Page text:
TOWN OF TONAWANDA —
The house — its storyline based loosely on the themes of the Resident Evil and Walking Dead franchises — takes its visitors on a journey through a zombie apocalypse ... through a withered garden, a police department under siege, a TV shop someone — or something — has smashed into, into the sewers, through laboratories and out into the woods. Narrow alleyways and hallways are splattered with "blood," aged and rusted with tricks of the haunters' trade.
The storyline of the companion haunt, Lake Effect, takes place months after the "events" of first house, in the winter, as participants undertake a journey downtown in search of a underground bunker and more survivors. In keeping with the theme, air-conditioners and fans keep the air chilled, and white-strewn walls evoke an icy environment.
Small groups will move through this haunt one at a time, with only the bluish light of a tiny LED flashlight to see by, Chris said. "We hope the anxiety levels are going to be a little higher as people are shuffling through there, with only that little light."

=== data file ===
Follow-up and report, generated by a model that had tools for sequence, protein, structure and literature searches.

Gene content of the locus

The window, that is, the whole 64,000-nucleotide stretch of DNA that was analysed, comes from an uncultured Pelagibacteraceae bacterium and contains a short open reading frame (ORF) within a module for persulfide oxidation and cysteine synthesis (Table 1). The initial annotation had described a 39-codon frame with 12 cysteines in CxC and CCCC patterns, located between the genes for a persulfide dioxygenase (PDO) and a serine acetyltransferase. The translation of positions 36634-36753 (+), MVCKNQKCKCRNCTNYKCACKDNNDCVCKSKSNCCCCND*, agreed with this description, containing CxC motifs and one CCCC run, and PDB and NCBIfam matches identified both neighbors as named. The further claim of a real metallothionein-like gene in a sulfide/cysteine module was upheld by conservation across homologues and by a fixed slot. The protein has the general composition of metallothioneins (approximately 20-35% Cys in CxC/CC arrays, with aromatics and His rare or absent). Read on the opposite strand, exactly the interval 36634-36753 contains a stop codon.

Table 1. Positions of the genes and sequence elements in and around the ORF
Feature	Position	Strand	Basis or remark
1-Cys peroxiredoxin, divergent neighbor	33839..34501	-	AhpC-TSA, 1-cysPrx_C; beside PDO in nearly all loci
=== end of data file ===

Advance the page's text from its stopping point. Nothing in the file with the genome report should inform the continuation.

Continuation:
No matter how scary the surroundings, however, without the haunts' actors (dozens of them between the two) things wouldn't be very successful, Chris said.
"You can walk through one of the greatest haunts in the country ... but if you're not getting scared, then what's the point? I think that's something that the big guys forget over the years," he said, noting with pride that one 2011 customer told him, "We jumped more times in your smaller house than some of the bigger haunts combined."
In the pursuit of better scares, District of the Dead has the assistance of Greg Hinaman of Kenmore, who ran his own haunted house at his Tremaine Avenue home for decades until this year. Hinaman's Terror Technologies is assisting with acting, makeup and costuming at District, and many of the actors who took part in his haunt are volunteering there.